One corner of the world of “dark money” just got a little brighter, and it doesn’t bode well for the 2016 election. A recent tax filing by Carolina Rising, a 501(c)(4) social welfare organization, shows that in 2014 the group spent $4.7 million on ads that had one thing in common: touting the legislative accomplishments of Thom Tillis, who was then North Carolina’s speaker of the House. That year, Mr. Tillis also happened to be trying to unseat Kay Hagan, the incumbent Democratic senator. Carolina Rising spent the money in a three-month blitz leading up to Election Day, but we may never learn where these millions came from. The partial disclosure required of 501(c)(4) outfits means that while we do know that 98.7 percent of the group’s revenue came from a single donor and that virtually every penny of it was used to further the cause of Mr. Tillis’s campaign, we don’t know who Carolina Rising’s secret benefactor was.
John Koskinen, the I.R.S. commissioner, is scheduled to testify today before the Senate Finance Committee at yet another hearing on the agency’s heightened scrutiny of certain politically active 501(c)(4) groups in 2010-12. But what we should really be paying attention to is the increasing use of dark money to influence our elections, and the rising number of groups that devote themselves to a single candidate (including several, already, in this cycle’s presidential campaign). Before the 2014 campaign, nonprofits like that didn’t exist.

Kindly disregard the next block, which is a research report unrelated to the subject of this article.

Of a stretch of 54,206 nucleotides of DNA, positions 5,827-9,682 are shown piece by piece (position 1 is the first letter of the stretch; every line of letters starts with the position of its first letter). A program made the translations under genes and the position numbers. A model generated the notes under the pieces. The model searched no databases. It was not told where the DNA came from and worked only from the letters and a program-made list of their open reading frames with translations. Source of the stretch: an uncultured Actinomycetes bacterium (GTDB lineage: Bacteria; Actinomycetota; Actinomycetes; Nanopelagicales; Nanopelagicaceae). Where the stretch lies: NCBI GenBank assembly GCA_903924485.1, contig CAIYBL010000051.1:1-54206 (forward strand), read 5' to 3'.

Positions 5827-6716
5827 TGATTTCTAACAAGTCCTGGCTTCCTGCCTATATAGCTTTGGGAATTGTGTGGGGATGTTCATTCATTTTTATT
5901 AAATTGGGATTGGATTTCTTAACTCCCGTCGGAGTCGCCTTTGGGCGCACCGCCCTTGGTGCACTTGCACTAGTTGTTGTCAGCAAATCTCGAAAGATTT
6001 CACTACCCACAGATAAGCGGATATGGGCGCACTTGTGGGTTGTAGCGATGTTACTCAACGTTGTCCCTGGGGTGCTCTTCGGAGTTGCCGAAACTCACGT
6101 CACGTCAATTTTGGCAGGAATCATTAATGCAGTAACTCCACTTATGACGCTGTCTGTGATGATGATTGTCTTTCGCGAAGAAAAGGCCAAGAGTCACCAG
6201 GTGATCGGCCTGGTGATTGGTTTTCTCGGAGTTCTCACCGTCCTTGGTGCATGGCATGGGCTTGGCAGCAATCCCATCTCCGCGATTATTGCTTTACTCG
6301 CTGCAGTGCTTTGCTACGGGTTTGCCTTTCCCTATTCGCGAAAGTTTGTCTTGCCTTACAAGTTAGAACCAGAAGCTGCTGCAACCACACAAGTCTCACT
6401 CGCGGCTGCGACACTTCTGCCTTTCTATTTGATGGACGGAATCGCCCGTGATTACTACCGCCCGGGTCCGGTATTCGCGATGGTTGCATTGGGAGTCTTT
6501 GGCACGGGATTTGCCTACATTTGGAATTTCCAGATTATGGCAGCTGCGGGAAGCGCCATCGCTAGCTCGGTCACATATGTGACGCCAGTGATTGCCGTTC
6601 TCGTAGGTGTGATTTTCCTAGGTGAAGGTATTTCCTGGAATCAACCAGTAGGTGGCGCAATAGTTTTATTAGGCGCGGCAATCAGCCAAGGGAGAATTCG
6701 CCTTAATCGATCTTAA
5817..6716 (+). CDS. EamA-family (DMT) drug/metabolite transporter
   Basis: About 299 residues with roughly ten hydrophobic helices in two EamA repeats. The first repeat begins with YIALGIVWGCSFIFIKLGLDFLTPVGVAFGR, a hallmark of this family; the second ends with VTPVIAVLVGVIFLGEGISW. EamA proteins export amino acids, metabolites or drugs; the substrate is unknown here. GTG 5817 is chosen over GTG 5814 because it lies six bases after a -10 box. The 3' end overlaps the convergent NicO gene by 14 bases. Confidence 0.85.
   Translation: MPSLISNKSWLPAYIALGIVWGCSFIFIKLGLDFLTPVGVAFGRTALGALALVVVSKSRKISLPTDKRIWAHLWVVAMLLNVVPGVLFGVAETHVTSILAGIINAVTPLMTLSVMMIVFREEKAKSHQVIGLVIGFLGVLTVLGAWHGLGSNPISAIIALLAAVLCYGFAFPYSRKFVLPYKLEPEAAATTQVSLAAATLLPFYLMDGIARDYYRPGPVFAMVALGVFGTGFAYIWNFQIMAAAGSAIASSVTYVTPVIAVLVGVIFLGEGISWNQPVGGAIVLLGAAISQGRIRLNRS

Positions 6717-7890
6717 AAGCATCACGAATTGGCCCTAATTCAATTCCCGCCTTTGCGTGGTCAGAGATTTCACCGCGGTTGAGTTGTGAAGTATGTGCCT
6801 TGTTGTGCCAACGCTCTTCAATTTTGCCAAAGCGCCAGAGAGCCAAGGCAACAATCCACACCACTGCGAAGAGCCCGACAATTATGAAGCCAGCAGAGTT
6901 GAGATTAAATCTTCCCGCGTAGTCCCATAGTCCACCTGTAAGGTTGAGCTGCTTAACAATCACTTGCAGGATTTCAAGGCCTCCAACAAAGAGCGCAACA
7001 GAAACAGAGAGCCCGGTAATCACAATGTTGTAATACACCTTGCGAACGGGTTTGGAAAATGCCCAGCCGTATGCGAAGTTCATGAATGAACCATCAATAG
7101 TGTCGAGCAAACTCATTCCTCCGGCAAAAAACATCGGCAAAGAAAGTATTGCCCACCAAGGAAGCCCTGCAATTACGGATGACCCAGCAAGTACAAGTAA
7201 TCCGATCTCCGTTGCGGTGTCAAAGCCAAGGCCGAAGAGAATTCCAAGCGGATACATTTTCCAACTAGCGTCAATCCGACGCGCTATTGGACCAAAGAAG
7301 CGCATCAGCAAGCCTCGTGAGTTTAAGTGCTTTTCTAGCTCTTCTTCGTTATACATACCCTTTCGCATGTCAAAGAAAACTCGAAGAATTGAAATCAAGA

Election-related spending by groups that don’t disclose their donors has grown exponentially in the last few years, thanks in part to the Supreme Court’s 2010 ruling in Citizens United v. F.E.C. The expenditures reported by these groups rose from just under $6 million in 2004 to $308 million in the last presidential election. This time around, that spending is already at $4.9 million, more than tenfold what it was at the same time in the 2012 cycle. And that doesn’t include the significant chunks of political spending that go unreported.
Full Article: A New Low in Campaign Finance – The New York Times.